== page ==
June 11, 2009

Plasma probe fights deep tooth infections

U.S. researchers say they have developed a plasma device that fights biofilm infections in a manner that could revolutionize many facets of medicine.

University of Southern California dentistry and engineering scientists created a probe that emits room temperature plasma as it fights tough bacterial colonies deep inside a human tooth.

Atomic oxygen appears to be the antibacterial agent, according to plasma emission spectroscopy obtained during the experiments, electrical engineering-electrophysics Assistant Professor Chunqi Jiang said.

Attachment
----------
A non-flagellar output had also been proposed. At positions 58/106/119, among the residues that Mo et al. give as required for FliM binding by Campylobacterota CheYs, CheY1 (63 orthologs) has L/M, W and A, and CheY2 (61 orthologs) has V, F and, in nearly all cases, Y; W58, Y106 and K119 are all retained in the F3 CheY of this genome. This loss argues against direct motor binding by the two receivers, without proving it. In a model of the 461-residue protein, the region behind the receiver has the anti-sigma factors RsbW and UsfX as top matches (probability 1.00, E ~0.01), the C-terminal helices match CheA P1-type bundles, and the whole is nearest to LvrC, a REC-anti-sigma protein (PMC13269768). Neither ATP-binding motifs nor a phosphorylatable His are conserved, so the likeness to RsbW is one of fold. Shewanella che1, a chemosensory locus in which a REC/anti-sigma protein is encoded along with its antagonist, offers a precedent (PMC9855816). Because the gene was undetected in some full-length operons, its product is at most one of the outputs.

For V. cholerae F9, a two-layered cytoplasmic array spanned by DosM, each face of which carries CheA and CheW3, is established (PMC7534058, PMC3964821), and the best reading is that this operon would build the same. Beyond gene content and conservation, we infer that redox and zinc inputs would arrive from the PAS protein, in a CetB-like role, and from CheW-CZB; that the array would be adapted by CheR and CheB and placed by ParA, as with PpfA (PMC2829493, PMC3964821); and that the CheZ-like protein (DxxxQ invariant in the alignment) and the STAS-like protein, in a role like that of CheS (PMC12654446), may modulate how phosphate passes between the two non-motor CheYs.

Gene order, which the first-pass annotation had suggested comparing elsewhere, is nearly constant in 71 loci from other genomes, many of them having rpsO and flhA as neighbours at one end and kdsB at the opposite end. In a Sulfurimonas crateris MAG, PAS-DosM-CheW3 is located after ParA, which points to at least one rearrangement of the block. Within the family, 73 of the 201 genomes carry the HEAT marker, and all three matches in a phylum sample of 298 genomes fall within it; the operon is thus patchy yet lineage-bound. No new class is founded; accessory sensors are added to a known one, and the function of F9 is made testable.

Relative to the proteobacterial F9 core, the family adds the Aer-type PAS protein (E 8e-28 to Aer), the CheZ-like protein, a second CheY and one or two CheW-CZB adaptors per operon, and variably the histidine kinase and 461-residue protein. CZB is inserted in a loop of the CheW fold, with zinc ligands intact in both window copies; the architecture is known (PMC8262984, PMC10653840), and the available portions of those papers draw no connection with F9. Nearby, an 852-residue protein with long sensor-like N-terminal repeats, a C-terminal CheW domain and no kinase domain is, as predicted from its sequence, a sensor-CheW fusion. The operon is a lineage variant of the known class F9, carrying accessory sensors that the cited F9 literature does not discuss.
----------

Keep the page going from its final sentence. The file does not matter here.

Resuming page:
Assistant Professor of clinical dentistry Parish Sedghizadeh said the oxygen free radicals might be disrupting the cellular membranes of the biofilms, causing their demise and that the plasma plume's adjustable, fluid reach allows the disinfection to occur even in hard-to-reach areas of a tooth.

The researchers are optimistic about the device's future dental and medical uses.

Plasma is the future, Sedghizadeh said. It's been used before for other sterilization purposes, but not for clinical medical applications and we hope to be the first to apply it in a clinical setting.

The study appears in the journal Plasma Processes and Polymers.